Babar says the study falls in line with larger avenues of operations and information management research on platforms and behavior, particularly in relation to motivation and eliciting quality contributions when no pay is involved. The paper lists similar crowd-based platforms—Duolingo, TripAdvisor, Google Local Guide—that share the same peer-evaluation aspect of coding sites to use crowds to generate information on quality, if not the direct competition. “If peer evaluation is heavily influenced not just by what is being evaluated but by who is being evaluated, then its purpose might be defeated.”
One of the challenges for Codeforces and other platforms like it is in staying competitive with an ever-growing user base. If status is too easily earned, then stronger contestants will seek more challenging virtual arenas, but if the status growth is too hard, then newcomers might give up by abandoning the platform. A future direction of research based on this study, Babar says, would be to look at recovering status: When participants lose status due to platform changes, how can they gain that status back? If enough participants lose a significant amount of status, they may work harder to recover what was lost. However, if too many people lose status too often, they might get demotivated.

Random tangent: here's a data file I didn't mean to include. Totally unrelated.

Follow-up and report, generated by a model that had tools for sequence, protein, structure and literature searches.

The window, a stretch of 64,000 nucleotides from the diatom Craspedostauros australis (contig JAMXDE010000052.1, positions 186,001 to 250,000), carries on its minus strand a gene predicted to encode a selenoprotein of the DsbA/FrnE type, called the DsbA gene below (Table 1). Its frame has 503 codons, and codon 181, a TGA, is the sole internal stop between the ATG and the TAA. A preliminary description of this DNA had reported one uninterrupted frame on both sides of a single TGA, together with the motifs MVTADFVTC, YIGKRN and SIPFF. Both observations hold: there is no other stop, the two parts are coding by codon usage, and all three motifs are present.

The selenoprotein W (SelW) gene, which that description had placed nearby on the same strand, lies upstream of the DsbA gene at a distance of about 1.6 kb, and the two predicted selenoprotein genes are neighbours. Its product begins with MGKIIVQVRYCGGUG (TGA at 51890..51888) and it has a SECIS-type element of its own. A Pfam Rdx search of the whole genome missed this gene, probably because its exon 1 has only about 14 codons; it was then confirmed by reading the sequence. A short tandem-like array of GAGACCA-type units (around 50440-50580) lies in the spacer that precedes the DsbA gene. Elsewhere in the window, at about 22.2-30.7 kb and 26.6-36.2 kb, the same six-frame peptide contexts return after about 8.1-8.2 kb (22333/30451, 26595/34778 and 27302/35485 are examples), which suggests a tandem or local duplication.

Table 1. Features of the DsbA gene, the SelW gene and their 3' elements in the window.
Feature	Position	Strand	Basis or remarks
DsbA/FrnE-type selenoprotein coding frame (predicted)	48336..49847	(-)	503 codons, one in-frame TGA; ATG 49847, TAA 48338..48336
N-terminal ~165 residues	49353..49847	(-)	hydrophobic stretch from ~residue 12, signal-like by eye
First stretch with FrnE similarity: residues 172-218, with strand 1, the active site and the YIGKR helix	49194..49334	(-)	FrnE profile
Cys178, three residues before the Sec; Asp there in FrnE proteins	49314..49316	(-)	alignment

“Even though this was an almost autocratic, sudden status change in our case, contestants wanted to get back to where they were before the shift in the color ranking system—they worked harder and sent in more contributions,” Babar says. To understand how often such status redistribution should be done, and at what point in the status hierarchy and stage of platform evolution, is an interesting future research direction.